“Just Do It”

The only reason I’m writing this post about this show is because it’s a show my child is obsessed with right now, so I’ve watched the episode 41,392 times. It’s not because I think the whole show is horrible or that this example is particularly egregious — just a single example I happened to see of the ways that children might be othered or excluded for their neurodivergence.

There’s a show called Superkitties that my child really likes right now. It’s a preschool-age show, where four cats team up to “fight bad guys” (who usually have a decent reason for doing whatever “bad” thing they’re doing) and solve minor, preschool/kindergarten age social problems like “somebody isn’t sharing” or “somebody is being inconsiderate of others”. One of the main cats usually have the same problem as the “bad guy” so they show it being solved in a positive way and the negative way that the “bad guy” is solving it.

One episode in particular always jumps out at me. The main cat strongly doesn’t like touching sticky things. Meanwhile, the bad guy (a rat) is turning everything in the town into cheese with some kind of science contraption. The main cat is trying to avoid touching the cheese, because it’s too sticky and makes her skin crawl. The rat is turning everything into cheese because the only thing they are able to eat is cheese.

At the end of the episode, the cat’s friends are all stuck in the cheese and she has to touch it, even though it’s sticky, to retrieve the contraption and undo all the damage. She just “chooses” to touch the sticky cheese and then realizes it’s actually fine and wasn’t that bad. The rat protests because they want to eat all the cheese, and the cats suggest the rat should just eat something else. The rat “chooses” to just eat something else and again, realizes it’s fine and no big deal.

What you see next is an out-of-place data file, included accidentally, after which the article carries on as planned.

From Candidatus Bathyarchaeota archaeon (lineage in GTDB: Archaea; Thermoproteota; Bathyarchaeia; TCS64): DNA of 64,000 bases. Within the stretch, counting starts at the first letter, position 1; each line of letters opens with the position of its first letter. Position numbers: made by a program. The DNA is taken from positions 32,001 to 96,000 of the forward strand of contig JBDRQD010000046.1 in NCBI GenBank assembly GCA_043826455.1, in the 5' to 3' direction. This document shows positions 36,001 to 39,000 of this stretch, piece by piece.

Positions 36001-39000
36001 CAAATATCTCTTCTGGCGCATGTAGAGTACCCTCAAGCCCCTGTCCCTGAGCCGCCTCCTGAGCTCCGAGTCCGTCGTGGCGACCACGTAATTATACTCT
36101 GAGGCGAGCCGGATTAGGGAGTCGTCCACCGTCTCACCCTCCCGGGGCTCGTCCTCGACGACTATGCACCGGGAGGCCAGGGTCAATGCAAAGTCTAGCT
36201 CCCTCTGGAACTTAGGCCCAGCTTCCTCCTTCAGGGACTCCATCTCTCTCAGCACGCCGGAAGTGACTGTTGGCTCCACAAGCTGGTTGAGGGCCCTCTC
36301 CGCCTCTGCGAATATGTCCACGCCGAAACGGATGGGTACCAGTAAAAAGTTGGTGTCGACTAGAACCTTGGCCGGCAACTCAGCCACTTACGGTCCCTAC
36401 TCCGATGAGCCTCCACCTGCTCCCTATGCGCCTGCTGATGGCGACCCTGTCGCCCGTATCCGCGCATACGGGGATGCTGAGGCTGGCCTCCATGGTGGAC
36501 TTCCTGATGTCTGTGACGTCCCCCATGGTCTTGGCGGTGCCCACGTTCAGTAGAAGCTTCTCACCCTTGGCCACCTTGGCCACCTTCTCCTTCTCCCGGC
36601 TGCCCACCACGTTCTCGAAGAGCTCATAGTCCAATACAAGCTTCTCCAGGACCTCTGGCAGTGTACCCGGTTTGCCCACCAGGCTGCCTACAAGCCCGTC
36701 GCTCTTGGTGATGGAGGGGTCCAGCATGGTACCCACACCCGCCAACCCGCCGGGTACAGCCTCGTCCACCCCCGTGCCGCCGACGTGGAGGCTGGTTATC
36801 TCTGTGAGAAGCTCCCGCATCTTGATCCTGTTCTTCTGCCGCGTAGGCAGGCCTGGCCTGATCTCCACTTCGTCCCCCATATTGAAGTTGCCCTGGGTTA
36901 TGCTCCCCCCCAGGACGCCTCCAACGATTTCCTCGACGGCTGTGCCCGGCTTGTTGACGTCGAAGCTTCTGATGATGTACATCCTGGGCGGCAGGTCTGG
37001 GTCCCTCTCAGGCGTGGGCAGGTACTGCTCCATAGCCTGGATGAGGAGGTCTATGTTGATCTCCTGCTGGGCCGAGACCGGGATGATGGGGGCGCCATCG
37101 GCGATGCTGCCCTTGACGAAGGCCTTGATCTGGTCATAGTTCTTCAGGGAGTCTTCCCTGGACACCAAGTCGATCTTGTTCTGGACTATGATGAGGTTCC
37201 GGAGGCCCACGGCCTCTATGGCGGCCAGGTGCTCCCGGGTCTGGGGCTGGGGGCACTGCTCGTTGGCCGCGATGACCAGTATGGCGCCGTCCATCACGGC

Alright, again, I’m not saying this is the worst thing ever in the world or it’s ruining everybody or whatever. I *am* saying that I could see an easy argument for someone sitting around in a room and thinking “hey, what moral do kids need to learn? Oh, I know, ‘just try new stuff, it’s not that bad!’” And even though I can see where they’re coming from, I don’t know that it’s actually that helpful.

I’m pretty sure that kids generally have the idea that their adults would like them to do the stuff that the adults have made it clear they would like them to do. And I’m pretty sure that when they don’t do it, it’s because they have an inner reason for it. That reason might be something super simple and easy to clear up that goes away in a quick conversation with a parent. Or it might be deeper and more emotionally rooted than that. Either way, I’m not sure who it helps to perpetuate the messaging that it’s a simple “behavior” or a simple “choice” to “just do” things that are really hard for some reason (and in this episode both things shown were literally sensory processing difficulties!)

How would I do it differently? Well, an easy fix could be that one of the characters can “just choose” to do the thing, while the other one can’t — since we’re all different and some of us can overcome small struggles and others of us would have a harder time. Maybe the cat has to find a different solution, or has to deal with touching sticky material but needs to wash off immediately. Maybe the rat can’t “just eat” something else but instead of being allowed to turn the whole city into cheese they teach them how to get milk from a cow and make cheese. Or how to turn trash into cheese and then it’s a message about recycling. Maybe one or the other of them does “just try it” and finds that even with all the will in the world, it’s actually still too hard for them to do it and they need help—not just to rest on willpower alone.

Since we all need help, not just our willpower alone. Especially small people who are literally 3 or 4 or 5 years old and don’t need added shame on top of the fact that it’s difficult to do things when you’re a little human being who hasn’t been here for very long yet.

[Image description: A screenshot from the show Superkitties that shows a cartoon rat with goggles, a colander on their head, a lab coat, pink lab gloves, and an atom on their belt, as well as a purple and pink octopus wearing goggles and a lab coat. Both are smiling and running on a wheel of cheese. End description.]

(But real talk, Otto the tiny nonspeaking octopus who hangs out with Lab Rat is the best character in the show, hands down)